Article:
What is Arthritis pain and what can be done for it?
Arthritis is localized pain with the major area of involvement in the joints of the body. The most common complication of arthritis is loss of flexibility. This occurs when the pain associated with arthritis derives from swelling of the membranes and tissues surrounding the joint resulting in irritation of the nerves associated with the affected joint. The pain can be severe and debilitating and occurs primarily in persons over the age of 50. There is some evidence that certain topical remedies can reduce the duration and occurrence of arthritis pain but they are not cures and bring relief for a short period of time in most cases.
Osteoarthritis and Rheumatoid arthritis is difficult to treat. Once arthritis develops, a multidisciplinary approach that involves a pain specialist, primary care physician, and other health-care providers may provide the best means to relieve the pain and distress associated with arthritis.
MOST studies of treatment for arthritis indicate that total relief of pain symptoms is rarely achieved and most patients report significant side effects from the analgesic or antidepressant medications studied to date.
To date, studies have involved relatively small numbers of patients (24 to 41 subjects), and significant individual variations has been noted in response to treatment. Some remedies that have the ability to inhibit neurotransmitters for pain pathways have been studied for their analgesic effect in arthrtis. Most Studies of arthritis remedies taken orally resulted in reports of poor or no response to therapy in 33 to 53 percent of patients, compared with 84 to 100 percent of those receiving a placebo.
Arthritis is a debilitating, life-altering condition. It is a nerve inflammation that remains or intensifies. Swelling and pain occur because the affected area constricts oxygen and blood. Fortunately, patients who escape significant arthritis pain use a variety of oral and topical medical remedies that can not only help relieve arthritis pain, but is an important aspect of arthritis therapy that helps hasten the resolution of disease itself. THIS IS THE BEST KNOWN PREVENTIVE TREATMENT FOR ARTHRITIS PAIN!
So What Can and Should You Do for Arthritis?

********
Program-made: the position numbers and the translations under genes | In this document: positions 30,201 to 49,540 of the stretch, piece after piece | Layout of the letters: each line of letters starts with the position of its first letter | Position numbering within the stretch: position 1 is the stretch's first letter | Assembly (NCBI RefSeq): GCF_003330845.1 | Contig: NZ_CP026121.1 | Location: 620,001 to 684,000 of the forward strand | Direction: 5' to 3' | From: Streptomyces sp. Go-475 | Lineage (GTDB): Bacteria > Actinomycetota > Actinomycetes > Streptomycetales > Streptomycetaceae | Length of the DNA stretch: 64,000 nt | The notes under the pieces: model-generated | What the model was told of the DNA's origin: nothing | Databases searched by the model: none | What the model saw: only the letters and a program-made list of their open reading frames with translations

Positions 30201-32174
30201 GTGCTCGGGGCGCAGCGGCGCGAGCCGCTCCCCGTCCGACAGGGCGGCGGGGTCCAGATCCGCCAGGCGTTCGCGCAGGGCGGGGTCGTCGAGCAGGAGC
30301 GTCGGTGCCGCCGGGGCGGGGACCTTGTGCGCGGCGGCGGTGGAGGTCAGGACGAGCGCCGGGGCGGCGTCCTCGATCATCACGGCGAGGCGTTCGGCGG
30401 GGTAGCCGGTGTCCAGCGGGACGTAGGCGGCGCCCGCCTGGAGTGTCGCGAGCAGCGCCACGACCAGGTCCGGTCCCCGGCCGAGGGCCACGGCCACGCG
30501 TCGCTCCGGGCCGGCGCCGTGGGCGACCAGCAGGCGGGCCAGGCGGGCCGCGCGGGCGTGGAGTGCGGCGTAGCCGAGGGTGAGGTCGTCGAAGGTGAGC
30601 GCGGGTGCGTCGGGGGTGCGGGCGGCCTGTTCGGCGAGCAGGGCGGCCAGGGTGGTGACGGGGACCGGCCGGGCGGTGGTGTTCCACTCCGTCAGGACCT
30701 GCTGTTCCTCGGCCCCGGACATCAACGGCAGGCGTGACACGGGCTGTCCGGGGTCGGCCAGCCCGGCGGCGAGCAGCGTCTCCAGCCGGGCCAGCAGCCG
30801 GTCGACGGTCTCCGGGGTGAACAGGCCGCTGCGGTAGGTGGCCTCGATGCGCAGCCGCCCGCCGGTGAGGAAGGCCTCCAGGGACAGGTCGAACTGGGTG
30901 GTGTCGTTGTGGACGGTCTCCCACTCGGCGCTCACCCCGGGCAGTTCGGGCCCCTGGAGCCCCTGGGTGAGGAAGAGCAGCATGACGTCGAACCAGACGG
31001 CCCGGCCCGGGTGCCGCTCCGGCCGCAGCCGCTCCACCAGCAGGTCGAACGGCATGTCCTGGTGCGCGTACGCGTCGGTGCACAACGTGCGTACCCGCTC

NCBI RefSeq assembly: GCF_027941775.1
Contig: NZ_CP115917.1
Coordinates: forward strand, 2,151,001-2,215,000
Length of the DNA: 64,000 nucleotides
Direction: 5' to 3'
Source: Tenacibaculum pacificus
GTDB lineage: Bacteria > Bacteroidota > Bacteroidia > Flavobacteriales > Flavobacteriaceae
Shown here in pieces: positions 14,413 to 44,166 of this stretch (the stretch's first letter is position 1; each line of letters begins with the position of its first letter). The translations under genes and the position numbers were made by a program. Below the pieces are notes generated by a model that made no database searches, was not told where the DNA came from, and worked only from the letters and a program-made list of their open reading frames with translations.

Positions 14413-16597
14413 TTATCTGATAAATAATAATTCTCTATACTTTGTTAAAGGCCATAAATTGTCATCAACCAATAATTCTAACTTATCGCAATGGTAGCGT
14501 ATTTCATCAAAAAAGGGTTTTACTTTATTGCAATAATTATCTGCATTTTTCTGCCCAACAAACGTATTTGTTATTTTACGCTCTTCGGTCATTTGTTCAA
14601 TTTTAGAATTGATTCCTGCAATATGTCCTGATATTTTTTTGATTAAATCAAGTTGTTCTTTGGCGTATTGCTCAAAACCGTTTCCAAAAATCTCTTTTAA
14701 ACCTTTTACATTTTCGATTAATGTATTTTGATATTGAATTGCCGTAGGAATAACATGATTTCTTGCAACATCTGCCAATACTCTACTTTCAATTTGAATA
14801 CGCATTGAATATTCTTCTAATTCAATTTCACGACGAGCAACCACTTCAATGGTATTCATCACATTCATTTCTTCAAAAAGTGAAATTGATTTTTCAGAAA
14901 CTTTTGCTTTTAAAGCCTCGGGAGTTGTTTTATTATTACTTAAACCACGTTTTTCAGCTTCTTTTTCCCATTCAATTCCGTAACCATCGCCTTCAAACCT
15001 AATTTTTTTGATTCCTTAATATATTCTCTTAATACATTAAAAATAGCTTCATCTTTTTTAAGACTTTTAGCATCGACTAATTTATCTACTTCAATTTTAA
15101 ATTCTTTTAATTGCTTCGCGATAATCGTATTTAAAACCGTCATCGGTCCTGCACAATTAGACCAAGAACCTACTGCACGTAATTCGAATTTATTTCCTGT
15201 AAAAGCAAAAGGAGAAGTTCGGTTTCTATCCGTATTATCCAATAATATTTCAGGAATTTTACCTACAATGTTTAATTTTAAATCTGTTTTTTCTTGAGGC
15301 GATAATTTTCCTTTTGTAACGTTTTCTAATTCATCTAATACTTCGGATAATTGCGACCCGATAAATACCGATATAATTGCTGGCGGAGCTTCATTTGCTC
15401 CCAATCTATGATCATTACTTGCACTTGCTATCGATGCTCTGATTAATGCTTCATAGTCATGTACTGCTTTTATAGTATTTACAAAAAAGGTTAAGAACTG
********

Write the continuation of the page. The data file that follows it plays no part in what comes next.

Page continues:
Understand What is Pain...
Pain is a universal experience. The degree to which you feel pain and how you react to it, however, are the
results of your own biological, psychological and cultural makeup. Past encounters with painful injury or
illness also can influence your sensitivity to pain and pain treatment as well.
Pain comes in many forms: sharp, jabbing, throbbing, burning, stinging, tingling, nagging, dull and aching.
Pain also varies from mild to severe pain. Severe pain grabs your attention more quickly and generally
produces a greater physical and emotional response than mild pain. Severe pain can also incapacitate
you, making it difficult or impossible to sit, stand, or move.
Little is known about why injured nerves sometimes misfire and send painful messages. However, one
reason is that when a nerve cell is destroyed, the severed end of the surviving fiber can sprout a tangle of
unorganized nerve fibers (neuroma). This bundle of nerve tissue then starts sending spontaneous pain
signals. These fibers also refuse to follow normal checks and balances that control the rest of your
nervous system functioning to keep pain at bay.
The thinking used to be that pain transmission pathways in the peripheral nerves, spinal cord and brain
were hardwired circuits that simply communicated pain signals from injured or diseased parts of the
body to message centers in the brain. But based on recent scientific research, there is new knowledge of
how pain transmission actually works and how the conscious experience of pain is created in the brain.
Although the neurobiology of sensitization is complex, the basic idea behind it is straightforward. When
pain signals are transmitted from injured or diseased tissues, these signals can then activate (sensitize)
pain circuits in the peripheral nervous system, spinal cord and brain.
The process of sensitization can be compared to the volume control on your stereo, amplifying and
sometimes distorting the pain message. The result is a painful condition that is severe and out of
proportion to the disease or original injury. Sensitization may affect all regions of your nervous system
that process pain messages, including the sensing, feeling and thinking centers of your brain. When this
occurs, chronic pain may be associated with emotional and psychological suffering.
Who Is At Risk?
The world is focused on identifying the molecular and cellular processes that cause sensitization. The
results of this research are likely to provide new and better treatments for many types of pain.
Pain most often affects middle-aged or older adults. However, age is not the only risk factor for adults and
children alike. Others factors include genetics, obesity (which can lead to osteoarthritis of the knees),
joint injuries or being born with defective cartilage. Injuring a muscle or joint through an accident, a sports
injury, or a repetitive activity at work can also increase the likelihood that pain in the muscles or joints will
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